The decision plot shows how individuals determine their decision to predict gout from the complex LGBM categorization model. The gray vertical line in the middle of the decision plot is the base value for the categorical LGBM model, and the red line indicates a positive prediction, marking whether or not each feature moved the output value above or below the average prediction, and marking the value of each feature (Fig. 7A). Starting at the bottom of the decision plot, the prediction lines show how the SHAP values accumulate from the base value to the final gout prediction result of the model at the top of the plot, ultimately boiling down to 0 for a negative prediction and 1 for a positive prediction. The decision plot shows the top 200 individual predictions, with the purple line being the negative prediction and the red line being the positive prediction, highlighting the first individual prediction (Fig. 7B).

Fig. 7
figure 7

The LGBM model SHAP decision plot. (A) Shows how individuals make decisions to predict gout from the LGBM model. (B) How the top 200 individuals in the LGBM model make decisions to predict gout


We trained and tested six classification ML models for predicting gout using the NHANES dataset from 2005 to 2018. Based on the performance of the model on unknown data, the LGBM model outperforms SVM, RF, GBDT, XGBoost, and CatBoost. The SHAP method is used to interpret the LGBM model, which provides global and local interpretability of the model. This will help clinicians better understand the model’s decision-making process and trust the model more. The AUC of the LGBM model was 0.823 (95% CI: 0.798–0.848), reflecting excellent classification model efficiency and stability with an accuracy of 95.3%. We used SHAP global summary plots to demonstrate the importance of each feature in the LGBM model and how much each feature contributes to the model’s prediction of gout. Furthermore, we found that age was the most important characteristic among the variables used to predict gout in the LGBM model, followed by UA. The decision plots provide a clear and intuitive demonstration of how individuals make decisions in the categorical LGBM model.

Zou F et al. studied the relationship between the composition of fruits and UA suggesting that the viscosity and bulk of dietary fiber hinder the absorption of purines and fructose in the digestive tract and reduce the rate of small intestinal reabsorption and that dietary fiber may also facilitate defecation and promote the excretion of UA [38]. Guo Y et al. found that inulin, a non-digestible dietary fiber, can significantly ameliorate hyperuricemia in mice by studying the effect of inulin on mice with hyperuricemia due to knockout of the UA oxidase gene [39]. In a multicenter retrospective study, Wu Z et al. pointed out that the TyG index, a novel and reliable surrogate for IR, and hyperuricemia are both important metabolic risk factors, that are closely related to each other and contribute to each other through multiple mechanisms [40]. Zhao Q et al. demonstrated a nonlinear relationship between serum UA and TyG index in children with short stature, which remained nonlinear after gender stratification [41]. Hyperuricemia is an important influence in causing gout [42], thus supporting our findings.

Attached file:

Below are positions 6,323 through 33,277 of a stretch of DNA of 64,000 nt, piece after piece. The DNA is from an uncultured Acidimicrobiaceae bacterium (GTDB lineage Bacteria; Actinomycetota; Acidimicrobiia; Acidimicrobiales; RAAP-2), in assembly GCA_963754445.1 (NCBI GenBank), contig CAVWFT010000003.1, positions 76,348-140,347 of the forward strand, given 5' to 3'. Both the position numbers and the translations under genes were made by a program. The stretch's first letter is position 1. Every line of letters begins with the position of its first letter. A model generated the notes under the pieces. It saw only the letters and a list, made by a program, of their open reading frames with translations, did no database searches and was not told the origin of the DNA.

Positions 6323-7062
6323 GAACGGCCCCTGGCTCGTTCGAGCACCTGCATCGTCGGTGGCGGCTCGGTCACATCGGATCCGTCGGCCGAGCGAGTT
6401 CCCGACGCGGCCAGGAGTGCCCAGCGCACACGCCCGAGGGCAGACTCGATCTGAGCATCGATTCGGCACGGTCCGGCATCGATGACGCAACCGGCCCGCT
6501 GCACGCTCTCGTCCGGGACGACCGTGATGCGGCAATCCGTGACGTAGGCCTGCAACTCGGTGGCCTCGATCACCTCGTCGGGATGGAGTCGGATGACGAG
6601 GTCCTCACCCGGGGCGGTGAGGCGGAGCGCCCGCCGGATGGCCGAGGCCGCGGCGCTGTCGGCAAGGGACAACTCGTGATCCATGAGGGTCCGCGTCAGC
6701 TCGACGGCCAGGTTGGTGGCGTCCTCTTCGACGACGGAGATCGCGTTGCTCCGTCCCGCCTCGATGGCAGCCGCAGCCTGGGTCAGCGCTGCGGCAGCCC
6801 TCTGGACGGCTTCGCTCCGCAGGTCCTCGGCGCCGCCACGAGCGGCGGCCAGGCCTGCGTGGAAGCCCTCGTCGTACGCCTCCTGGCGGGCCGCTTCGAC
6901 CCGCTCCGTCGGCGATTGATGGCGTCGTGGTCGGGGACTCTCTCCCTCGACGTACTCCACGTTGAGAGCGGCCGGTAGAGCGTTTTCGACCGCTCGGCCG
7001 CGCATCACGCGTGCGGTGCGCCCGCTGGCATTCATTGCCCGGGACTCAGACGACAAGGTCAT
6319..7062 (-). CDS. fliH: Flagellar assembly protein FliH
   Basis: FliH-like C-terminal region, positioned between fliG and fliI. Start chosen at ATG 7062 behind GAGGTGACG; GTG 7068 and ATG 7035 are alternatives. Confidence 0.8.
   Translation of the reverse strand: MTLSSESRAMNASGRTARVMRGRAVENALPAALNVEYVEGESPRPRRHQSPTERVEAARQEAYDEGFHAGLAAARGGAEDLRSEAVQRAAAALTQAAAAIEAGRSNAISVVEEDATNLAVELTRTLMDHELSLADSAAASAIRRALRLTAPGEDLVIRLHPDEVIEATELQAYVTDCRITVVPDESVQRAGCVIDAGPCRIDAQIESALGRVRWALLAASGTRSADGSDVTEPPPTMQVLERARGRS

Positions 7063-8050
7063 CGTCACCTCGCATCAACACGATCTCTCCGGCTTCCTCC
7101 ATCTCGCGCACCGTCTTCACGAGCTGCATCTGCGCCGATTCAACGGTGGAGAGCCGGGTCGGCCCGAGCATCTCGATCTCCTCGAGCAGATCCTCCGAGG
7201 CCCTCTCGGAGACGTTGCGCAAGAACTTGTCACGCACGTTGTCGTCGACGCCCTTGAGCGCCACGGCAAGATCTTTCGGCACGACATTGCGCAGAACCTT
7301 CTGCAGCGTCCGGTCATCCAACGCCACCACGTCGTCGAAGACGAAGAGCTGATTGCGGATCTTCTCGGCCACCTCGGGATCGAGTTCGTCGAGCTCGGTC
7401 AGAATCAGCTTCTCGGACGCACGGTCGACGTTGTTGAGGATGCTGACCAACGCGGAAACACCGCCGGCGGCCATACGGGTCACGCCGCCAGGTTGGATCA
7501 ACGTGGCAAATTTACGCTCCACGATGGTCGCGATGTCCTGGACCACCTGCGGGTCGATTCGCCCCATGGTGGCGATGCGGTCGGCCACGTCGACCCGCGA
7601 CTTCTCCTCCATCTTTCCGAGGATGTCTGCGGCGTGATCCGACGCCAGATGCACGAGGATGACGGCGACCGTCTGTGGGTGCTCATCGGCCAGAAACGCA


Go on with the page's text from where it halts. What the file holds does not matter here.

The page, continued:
This study differs from the prediction of gout and correlation analysis using traditional analysis. Studies have shown that ML consistently outperforms traditional analytics in predicting disease and that the use of more sophisticated integrated classification algorithms can be effective in improving the accuracy and robustness of predicting disease [43]. In recent years, AI has been accumulating great success in medical research and applications at an alarming rate, AI encompasses a large number of different technologies, and ML is a sub-field of AI that provides separate tools to enable most of the techniques of AI [44]. In addition, ML has many distinct advantages. First, it can learn from large amounts of information, discover hidden patterns and laws, and excel at handling complex problems and big data. Second, it can provide more powerful predictive capabilities than traditional methods. Third, it can automate many tasks and improve computational efficiency. Fourth, it can give data-driven probabilistic predictions. However, ML also faces challenges. First, it requires a large amount of sample data for computation; Second, there is a potential risk of overfitting; and third, the accuracy of the model is highly dependent on the reliability of the data to reflect clinical reality [45].